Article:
However, this chair has a number of notable failures. First, the paper-mache surface, while nice-looking, smooth to the touch, and durable, was a huge amount of work. In the same vein, an attempt was made to save labor by constructing the chair out of strips cut on a table saw; however, those time savings were negated by the need to miter every strip to fit into the cantilever profile. To tie the layers together in the absence of big clamps, threaded rods shoot through the whole chair in five places, which in many ways defeats the purpose of making a cardboard chair in the first place -- what's the point if you're just going to throw a couple of big pieces of steel in the middle of the thing? Last, the form is clumsy, with five-inch wide strips for strength making a big, bulky, and extremely heavy chair.
The goals for Cardboard Cantilever 2.0 were to address all of these weaknesses: made only from glue and cardboard, no paper mache or steel fasteners; cutting the strips without miters to save time; cutting the strips to length after lamination, also to save time; and attenuating the cardboard strips' width so as to make the chair visually lighter and more delicate.
In addition, I wanted to explore the idea of making multiple copies of the same chair as precisely as practically possible. To make multiple copies, the cost had to be kept to a minimum. To that end, the steel was eliminated, but also using commercial glue was out due to the volume needed. Instead, this chair was made with wheat paste, keeping the glue cost to an estimated two to three dollars per chair. The other issue with multiple copies was finding a way to make the lamination process more refined so the layers lined up better and were clamped under even pressure while the glue dried for maximum strength.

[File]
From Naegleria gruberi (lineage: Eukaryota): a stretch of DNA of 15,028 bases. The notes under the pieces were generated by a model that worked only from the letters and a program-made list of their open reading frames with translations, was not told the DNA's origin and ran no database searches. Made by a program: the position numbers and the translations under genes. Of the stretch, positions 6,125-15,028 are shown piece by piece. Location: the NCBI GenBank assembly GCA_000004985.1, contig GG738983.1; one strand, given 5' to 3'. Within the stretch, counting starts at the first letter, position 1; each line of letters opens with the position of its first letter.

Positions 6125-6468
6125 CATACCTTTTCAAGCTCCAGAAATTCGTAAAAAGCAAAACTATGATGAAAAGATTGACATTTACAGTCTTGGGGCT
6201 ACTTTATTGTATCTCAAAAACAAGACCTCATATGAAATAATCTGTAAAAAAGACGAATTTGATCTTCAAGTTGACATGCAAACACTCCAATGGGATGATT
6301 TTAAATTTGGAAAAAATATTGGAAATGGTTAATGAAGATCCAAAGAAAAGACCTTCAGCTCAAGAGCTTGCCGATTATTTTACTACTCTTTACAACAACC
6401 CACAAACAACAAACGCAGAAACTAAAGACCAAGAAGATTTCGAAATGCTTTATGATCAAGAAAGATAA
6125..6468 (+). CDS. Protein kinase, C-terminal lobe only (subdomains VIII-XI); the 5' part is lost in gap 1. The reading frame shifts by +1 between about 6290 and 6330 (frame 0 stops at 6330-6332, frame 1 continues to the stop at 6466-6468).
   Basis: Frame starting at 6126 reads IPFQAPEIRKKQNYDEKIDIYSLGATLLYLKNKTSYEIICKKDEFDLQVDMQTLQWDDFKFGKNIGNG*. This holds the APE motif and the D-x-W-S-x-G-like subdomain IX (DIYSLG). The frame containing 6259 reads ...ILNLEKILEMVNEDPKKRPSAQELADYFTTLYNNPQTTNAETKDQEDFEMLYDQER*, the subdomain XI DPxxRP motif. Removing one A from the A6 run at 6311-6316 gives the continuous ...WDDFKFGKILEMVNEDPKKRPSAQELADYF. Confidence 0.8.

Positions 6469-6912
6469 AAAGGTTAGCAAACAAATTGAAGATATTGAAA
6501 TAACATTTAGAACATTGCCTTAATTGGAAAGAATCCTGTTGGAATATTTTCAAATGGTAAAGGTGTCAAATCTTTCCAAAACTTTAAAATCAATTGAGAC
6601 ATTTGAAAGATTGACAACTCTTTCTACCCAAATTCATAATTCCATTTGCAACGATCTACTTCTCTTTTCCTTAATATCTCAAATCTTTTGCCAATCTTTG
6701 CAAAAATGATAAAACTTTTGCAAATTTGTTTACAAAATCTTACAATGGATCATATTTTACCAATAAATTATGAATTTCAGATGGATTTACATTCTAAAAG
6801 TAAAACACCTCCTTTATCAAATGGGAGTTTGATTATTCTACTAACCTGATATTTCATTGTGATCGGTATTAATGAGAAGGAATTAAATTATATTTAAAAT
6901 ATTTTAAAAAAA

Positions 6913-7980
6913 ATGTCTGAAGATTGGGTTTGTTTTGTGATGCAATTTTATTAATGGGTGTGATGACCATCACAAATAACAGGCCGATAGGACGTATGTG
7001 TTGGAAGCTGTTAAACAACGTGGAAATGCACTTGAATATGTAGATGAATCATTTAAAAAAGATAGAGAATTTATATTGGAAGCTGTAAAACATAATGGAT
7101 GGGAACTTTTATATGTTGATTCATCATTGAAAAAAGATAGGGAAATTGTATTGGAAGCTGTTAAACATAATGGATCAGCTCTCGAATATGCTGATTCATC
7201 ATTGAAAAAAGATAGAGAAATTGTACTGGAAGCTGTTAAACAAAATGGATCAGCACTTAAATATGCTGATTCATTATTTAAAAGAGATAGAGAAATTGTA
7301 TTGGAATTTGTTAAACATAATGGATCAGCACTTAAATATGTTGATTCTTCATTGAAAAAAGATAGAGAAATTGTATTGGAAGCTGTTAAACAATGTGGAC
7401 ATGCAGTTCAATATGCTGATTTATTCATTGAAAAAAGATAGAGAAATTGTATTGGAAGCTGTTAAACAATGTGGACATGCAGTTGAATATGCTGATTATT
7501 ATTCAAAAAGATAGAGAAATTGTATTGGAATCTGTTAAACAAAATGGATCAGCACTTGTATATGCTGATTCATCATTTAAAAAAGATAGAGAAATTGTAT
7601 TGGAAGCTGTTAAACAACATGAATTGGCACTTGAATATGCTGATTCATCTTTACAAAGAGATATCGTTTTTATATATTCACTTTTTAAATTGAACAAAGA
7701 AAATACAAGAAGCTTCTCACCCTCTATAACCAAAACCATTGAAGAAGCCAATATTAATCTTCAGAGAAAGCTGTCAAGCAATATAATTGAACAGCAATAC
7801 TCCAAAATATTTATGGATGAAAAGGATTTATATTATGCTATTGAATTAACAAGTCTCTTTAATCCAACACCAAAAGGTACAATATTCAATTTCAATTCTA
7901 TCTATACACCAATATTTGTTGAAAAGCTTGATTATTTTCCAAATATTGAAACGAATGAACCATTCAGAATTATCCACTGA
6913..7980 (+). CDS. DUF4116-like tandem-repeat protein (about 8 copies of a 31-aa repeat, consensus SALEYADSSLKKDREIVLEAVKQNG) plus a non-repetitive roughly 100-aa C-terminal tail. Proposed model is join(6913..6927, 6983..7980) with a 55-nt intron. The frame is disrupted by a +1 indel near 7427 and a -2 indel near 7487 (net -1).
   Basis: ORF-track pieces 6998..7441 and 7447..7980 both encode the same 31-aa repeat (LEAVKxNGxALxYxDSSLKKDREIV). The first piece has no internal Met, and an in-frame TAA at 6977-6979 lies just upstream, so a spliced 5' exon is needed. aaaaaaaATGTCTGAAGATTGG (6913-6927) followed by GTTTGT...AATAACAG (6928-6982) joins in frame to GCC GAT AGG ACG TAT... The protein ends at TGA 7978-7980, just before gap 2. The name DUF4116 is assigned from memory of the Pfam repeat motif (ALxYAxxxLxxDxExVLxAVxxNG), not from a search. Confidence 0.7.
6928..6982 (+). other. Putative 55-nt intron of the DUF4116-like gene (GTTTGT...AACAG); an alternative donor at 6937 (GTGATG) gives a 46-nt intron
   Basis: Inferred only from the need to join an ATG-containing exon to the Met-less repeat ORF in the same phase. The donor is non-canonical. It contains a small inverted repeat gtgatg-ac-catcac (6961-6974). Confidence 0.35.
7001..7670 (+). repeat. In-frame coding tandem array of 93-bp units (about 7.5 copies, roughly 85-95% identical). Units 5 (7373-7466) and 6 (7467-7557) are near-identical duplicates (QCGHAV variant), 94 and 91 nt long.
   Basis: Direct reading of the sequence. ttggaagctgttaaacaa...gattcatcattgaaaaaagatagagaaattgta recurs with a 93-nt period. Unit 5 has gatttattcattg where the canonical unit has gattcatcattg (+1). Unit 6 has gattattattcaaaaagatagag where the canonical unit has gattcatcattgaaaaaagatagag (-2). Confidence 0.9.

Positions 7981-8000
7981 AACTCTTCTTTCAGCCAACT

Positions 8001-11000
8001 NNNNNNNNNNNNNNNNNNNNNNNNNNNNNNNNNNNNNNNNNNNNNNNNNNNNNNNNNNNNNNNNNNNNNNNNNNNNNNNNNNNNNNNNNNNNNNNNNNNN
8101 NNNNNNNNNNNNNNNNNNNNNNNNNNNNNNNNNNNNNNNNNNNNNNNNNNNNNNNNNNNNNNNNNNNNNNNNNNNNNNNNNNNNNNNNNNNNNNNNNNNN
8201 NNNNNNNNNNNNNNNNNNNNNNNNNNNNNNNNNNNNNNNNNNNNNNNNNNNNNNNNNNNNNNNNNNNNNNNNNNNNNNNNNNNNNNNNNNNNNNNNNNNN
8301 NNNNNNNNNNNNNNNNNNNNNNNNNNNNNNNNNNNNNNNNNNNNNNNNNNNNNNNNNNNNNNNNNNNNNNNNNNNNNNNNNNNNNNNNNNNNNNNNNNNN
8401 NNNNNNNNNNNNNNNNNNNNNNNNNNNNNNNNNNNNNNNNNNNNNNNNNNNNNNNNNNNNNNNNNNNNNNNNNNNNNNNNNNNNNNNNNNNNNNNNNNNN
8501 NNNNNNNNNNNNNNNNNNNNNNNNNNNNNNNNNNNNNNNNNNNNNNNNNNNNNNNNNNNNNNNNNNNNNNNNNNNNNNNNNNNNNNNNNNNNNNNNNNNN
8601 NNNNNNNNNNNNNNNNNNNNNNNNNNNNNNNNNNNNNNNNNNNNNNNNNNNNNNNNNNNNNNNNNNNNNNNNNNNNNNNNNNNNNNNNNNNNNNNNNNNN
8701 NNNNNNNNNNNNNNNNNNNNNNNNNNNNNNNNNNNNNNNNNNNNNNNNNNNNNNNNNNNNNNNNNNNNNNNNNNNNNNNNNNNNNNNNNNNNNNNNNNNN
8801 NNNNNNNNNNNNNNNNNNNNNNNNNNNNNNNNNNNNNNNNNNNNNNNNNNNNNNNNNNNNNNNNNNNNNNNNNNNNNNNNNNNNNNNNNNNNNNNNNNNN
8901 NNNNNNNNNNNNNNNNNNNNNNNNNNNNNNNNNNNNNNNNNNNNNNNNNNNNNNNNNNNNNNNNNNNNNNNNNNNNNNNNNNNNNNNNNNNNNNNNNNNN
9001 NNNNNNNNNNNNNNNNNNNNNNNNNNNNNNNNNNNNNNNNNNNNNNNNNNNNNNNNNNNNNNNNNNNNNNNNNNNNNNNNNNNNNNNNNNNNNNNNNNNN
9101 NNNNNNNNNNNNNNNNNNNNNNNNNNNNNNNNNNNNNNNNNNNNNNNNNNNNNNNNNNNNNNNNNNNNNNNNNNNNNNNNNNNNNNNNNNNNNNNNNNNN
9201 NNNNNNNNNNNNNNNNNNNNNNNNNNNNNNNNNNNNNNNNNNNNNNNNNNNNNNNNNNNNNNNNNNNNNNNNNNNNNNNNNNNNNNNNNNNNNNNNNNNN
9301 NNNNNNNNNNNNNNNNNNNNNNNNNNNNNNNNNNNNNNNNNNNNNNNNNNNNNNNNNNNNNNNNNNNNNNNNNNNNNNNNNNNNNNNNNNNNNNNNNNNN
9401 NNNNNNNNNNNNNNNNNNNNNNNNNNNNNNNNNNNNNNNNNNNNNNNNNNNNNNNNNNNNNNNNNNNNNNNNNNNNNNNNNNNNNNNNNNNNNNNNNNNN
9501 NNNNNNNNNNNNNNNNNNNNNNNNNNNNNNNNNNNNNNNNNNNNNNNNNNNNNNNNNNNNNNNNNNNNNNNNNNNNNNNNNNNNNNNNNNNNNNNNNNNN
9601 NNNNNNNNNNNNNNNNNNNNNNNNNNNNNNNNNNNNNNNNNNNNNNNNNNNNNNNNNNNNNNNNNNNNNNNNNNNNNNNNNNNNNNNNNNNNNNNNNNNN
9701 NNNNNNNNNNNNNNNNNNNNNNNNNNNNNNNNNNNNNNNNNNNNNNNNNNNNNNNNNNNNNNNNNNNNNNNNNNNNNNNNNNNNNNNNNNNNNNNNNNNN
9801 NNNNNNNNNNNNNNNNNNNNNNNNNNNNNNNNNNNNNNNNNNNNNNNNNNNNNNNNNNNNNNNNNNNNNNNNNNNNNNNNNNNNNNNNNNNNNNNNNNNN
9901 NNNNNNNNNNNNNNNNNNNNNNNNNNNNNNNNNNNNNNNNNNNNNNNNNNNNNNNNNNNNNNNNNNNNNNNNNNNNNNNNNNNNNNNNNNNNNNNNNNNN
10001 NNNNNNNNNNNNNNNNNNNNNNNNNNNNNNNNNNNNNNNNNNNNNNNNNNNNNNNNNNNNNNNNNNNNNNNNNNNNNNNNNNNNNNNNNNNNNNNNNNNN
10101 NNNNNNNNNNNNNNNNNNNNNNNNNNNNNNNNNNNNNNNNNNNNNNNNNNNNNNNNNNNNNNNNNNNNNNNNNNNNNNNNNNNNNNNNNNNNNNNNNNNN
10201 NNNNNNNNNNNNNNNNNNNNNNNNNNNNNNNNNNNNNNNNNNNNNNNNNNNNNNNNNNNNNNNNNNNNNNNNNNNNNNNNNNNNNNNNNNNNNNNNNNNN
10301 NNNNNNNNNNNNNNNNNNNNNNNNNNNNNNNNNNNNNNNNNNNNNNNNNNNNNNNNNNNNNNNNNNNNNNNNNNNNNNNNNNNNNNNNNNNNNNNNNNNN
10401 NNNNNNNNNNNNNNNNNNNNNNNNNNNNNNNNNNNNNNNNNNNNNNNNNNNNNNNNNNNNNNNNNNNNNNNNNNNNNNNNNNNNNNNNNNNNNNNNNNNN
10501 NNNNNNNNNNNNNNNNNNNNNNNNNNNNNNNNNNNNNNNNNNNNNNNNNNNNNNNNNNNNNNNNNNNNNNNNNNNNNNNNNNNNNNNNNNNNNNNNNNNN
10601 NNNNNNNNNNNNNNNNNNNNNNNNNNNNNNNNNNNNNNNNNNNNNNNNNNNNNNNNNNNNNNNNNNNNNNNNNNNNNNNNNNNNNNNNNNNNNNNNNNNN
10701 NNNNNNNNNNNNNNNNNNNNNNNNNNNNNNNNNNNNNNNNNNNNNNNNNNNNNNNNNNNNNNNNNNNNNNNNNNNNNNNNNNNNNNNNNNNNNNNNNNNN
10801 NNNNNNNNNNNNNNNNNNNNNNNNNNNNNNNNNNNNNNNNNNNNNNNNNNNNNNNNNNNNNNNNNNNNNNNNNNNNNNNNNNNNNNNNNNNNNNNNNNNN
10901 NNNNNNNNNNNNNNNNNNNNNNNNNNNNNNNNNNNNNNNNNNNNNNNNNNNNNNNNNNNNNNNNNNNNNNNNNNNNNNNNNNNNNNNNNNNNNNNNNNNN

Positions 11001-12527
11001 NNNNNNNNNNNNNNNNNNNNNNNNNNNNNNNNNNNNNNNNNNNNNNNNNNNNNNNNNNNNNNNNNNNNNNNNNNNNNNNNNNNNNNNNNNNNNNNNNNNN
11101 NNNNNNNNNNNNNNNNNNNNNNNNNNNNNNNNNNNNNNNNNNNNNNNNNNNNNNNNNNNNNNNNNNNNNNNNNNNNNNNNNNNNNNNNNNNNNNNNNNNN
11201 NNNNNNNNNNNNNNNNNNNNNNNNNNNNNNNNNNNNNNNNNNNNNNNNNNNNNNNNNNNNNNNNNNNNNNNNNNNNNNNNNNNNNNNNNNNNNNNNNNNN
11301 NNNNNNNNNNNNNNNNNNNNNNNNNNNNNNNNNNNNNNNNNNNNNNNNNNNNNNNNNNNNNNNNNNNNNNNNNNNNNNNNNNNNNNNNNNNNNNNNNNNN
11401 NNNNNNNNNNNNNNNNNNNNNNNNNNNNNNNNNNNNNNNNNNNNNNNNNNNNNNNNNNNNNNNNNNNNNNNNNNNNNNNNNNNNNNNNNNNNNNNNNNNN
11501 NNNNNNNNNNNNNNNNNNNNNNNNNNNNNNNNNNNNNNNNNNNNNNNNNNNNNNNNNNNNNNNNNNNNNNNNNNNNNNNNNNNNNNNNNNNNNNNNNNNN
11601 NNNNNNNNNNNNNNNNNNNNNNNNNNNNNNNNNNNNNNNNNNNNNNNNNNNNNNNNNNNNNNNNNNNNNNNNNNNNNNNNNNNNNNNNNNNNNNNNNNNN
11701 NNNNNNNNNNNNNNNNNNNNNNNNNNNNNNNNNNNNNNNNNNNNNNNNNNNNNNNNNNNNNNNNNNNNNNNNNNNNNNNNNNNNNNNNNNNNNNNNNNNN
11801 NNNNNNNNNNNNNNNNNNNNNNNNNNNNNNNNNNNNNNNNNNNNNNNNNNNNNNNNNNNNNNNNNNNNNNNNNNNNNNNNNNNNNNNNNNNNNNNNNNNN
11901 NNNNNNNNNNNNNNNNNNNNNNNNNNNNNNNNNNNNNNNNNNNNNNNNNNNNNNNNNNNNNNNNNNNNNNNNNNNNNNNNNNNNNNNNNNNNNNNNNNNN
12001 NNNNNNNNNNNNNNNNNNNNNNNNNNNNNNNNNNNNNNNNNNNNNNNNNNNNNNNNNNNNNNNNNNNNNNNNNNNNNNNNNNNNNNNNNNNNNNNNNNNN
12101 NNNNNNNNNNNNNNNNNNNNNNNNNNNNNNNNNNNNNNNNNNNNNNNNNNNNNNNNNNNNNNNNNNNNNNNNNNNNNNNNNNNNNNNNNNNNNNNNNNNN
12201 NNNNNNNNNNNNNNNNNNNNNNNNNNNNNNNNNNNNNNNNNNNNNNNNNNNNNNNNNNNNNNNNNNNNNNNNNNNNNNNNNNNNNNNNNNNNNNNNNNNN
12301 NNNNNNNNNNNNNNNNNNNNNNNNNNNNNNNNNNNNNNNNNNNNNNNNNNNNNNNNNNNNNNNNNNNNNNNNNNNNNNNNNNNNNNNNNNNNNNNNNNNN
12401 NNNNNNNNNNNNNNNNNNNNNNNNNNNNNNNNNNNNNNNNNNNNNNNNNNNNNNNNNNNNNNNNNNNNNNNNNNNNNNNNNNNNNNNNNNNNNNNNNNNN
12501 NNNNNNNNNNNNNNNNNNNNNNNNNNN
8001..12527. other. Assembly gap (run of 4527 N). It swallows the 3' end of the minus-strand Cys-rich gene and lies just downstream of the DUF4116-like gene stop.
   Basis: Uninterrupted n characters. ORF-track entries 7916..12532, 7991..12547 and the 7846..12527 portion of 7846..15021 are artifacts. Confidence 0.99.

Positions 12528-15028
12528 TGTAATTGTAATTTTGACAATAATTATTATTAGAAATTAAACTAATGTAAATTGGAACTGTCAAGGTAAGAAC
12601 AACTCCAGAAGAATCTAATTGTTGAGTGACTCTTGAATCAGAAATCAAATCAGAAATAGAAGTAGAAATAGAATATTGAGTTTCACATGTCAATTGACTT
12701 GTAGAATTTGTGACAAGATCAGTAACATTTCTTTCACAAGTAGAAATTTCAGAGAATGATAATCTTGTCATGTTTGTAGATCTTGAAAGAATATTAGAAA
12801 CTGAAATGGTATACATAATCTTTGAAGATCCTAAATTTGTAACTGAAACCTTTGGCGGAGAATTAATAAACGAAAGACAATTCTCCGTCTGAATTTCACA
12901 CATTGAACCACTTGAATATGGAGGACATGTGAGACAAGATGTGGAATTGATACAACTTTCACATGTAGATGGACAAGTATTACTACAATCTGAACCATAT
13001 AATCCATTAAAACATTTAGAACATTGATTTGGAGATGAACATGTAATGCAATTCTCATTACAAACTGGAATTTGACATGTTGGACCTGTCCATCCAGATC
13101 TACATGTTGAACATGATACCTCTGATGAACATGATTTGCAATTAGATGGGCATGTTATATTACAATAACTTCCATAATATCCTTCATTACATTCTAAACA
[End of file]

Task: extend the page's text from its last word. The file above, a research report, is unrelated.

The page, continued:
The finished photos below give a good idea of how this one stacks up next to Cardboard Cantilever 1.0, as well as scans of drawings I made to develop the form and the clamping jig. For an explanation of the ergonomics and physics of the cantilever form, refer to the link to the first Instructable.
Step 1: The Jig
To start, draw out the profile of the chair on a piece of plywood. The pieces I used were a little under three feet square. You can print the drawings from the first step to replicate this exactly, but you could also design your own. If designing your own, keep in mind a few things: the length of the piece that rests on the ground needs to be as long or longer than the total chair to keep it from tipping back excessively; the leg, or vertical piece, should be as short as possible for comfort; and the seat needs to also be short to keep it from acting as too much of a lever.
Once the chair is plotted out, screw 2 x 4s to the back of each piece of plywood as shown as bracing. Add this bracing even if you use thicker plywood, to keep the jig from wracking.
Next, draw a circle for a peg at each intersection of the chair. Tape over the wood with packing tape to seal it from spilled glue; you could also varnish it, but the tape is quicker and cheaper. Drill out the marks you made for the pegs, which will register the cardboard into alignment. I made mine from hickory pegs donated by my landlady; you could use dowels, bolts, pipe, whatever. Since my plywood was so thin, I had to add little scraps to the backside of the bottom piece of the jig as shown so the pegs sat down into something. If you use thicker plywood, these pieces could be eliminated. It is important that the pegs be secure, because they will take some abuse and you want them to be accurate for layer after layer. I glued and screwed them in their sockets.
In each corner, put an 18" x 1/2" diameter threaded rod to work as the clamping element. Lay the top plate onto the bottom plate so that it is held up by the pegs and rods; reach in and scribe each peg's placement onto the top plate. Drill out those holes at least an 1/8" too big so you have some play in aligning the plates later. Test that it all fits together.